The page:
Prerequisite: Graduate standing and admission to the MSW Advanced Standing program. The first of two courses designed to enhance the preparation of advanced standing students. Foundation content in human behavior in the macro social environment, practice with groups, organizations and communities, policy practice and advocacy, research, implementation and evaluation of evidence-based practices on macro level, human diversity and societal oppression, and ethics are studied. (Su)

S WK 5023. Advanced Standing Seminar II.3 Credit Hours.

Prerequisite: Graduate standing and admission to the MSW Advanced Standing program. The second of two seminar courses designed to enhance the preparation of advanced standing students in social work. Foundation content in theories of human behavior in the micro social environment, practice with individuals and families, implementation and evaluation of evidence-based interventions, research, and ethics are overviewed. Individualized student professional development is emphasized. (Su)

S WK 5033. Trauma-Informed Practice in Child Welfare.3 Credit Hours.

(Slashlisted with S WK 4033) Prerequisite: Graduate standing; Students funded by the Child Welfare program are required to take this course. This course will provide a multi-dimensional exploration of trauma and the importance of trauma-informed child welfare practice. Skill development focuses on building a strong knowledge base concerning trauma that will support ethical social work practice and an emphasis on strengths-based social work service delivery. The course also brings forward the concepts of trauma-informed organizational practice. No student may earn credit for both 4033 and 5033. (Su)

S WK 5083. Social Work Research Methods.3 Credit Hours.

Prerequisite: Graduate standing in Social Work. Introduction to the design and implementation of quantitative and qualitative research methods used to evaluate the effectiveness of social work practice and policies. (F)

S WK 5093. Social Work Research Methods II.3 Credit Hours.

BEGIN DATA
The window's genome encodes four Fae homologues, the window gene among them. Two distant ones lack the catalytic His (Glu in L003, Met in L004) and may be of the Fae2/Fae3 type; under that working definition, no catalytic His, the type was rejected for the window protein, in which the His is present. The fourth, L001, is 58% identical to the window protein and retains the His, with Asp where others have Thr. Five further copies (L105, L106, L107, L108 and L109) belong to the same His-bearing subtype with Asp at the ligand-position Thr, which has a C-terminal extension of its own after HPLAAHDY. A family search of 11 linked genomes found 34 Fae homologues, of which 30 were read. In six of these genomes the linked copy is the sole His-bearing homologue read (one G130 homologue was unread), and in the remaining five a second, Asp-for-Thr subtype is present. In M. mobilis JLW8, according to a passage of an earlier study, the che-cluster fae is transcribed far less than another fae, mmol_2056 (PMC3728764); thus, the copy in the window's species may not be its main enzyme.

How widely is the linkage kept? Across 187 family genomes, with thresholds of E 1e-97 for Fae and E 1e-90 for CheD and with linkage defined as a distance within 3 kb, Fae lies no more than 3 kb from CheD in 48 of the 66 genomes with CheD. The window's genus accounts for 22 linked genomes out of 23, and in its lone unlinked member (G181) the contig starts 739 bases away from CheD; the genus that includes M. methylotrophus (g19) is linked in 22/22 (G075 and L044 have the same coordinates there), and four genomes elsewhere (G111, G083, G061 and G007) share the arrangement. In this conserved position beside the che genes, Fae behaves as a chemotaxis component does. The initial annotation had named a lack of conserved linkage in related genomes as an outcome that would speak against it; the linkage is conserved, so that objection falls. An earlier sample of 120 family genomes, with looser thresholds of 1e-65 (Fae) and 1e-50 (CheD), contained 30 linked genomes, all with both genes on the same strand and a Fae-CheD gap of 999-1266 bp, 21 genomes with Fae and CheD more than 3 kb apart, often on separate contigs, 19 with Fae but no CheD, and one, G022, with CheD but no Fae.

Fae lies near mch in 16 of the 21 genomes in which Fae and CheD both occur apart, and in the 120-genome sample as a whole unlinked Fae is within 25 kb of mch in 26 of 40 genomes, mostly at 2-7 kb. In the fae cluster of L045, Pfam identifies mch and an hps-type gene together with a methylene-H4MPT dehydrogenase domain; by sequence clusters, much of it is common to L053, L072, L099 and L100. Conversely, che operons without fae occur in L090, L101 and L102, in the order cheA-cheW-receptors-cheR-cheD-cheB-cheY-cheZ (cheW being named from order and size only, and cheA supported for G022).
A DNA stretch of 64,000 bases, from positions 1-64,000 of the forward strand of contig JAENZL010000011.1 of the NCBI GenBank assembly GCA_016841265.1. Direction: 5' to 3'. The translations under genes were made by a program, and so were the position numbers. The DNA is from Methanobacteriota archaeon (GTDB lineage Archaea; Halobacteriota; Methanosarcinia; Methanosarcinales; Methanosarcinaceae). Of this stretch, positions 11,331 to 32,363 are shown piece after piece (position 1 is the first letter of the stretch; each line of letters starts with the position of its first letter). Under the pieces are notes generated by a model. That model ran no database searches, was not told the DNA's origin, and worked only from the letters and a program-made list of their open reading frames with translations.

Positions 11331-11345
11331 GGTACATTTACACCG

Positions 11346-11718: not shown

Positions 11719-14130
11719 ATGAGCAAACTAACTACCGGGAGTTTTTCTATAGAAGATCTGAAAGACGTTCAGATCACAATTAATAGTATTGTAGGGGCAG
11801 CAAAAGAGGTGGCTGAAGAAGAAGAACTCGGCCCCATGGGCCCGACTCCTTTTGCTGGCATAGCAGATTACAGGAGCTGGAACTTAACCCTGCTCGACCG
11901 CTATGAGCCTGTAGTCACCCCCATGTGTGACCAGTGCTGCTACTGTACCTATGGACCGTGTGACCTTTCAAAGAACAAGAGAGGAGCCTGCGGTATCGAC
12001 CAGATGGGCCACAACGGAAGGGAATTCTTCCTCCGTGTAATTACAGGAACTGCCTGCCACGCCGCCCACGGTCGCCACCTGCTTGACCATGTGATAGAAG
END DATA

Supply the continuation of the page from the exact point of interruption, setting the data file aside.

Prerequisite: graduate standing in Social Work and S WK 5083. Introduction to applied data analysis methods appropriate to research in social work practice evaluation and human services program evaluation. (Sp)

S WK 5153. Seminar on Community Health.3 Credit Hours.

Prerequisite: graduate standing in social work or permission of instructor. This is an intensive course that immerses students within the OU-Tulsa School of Community Medicine Summer Institute. A variety of experiential learning methods are combined into an interdisciplinary setting. Full participation in the Summer Institute is required in addition to specific assignments relevant to social work. (Irreg.)

S WK 5163. Child Abuse and Neglect.3 Credit Hours.

(Slashlisted with S WK 4163) Prerequisite: graduate standing or permission of instructor. Introduction to the field of child abuse and neglect. Examines the history of the field, different forms of abuse and neglect, causative factors, abuse and neglect dynamics, treatment approaches, the social services system, and prevention strategies. No student may earn credit for both 4163 and 5163. (Irreg.)

S WK 5170. Special Topics in Social Work and Social Welfare.2-3 Credit Hours.

(Slashlisted with S WK 4170) 2 to 3 hours. Prerequisite: graduate standing or permission of instructor. May be repeated with change of content; maximum credit 12 hours. Focus is on issues significant to social work or social welfare. No student may earn credit for both 4170 and 5170 on the same topic. (Irreg.)

S WK 5213. Infant Mental Health.3 Credit Hours.

Prerequisite: graduate standing in social work or permission of instructor. This course provides an overview of clinical and policy information necessary to effectively assess, and provide treatment for children ages 1 - 5 years and their families. (Irreg.)

S WK 5233. Human Behavior: Individuals, Families, and Treatment Groups.3 Credit Hours.

Prerequisite: graduate standing in Social Work. Within a social systems framework and biopsychosocial perspective, students learn empirically based theories which deal with life-span development and family behavior. This course provides a theoretical foundation for micro- and mezzo- level generalist practice. (F)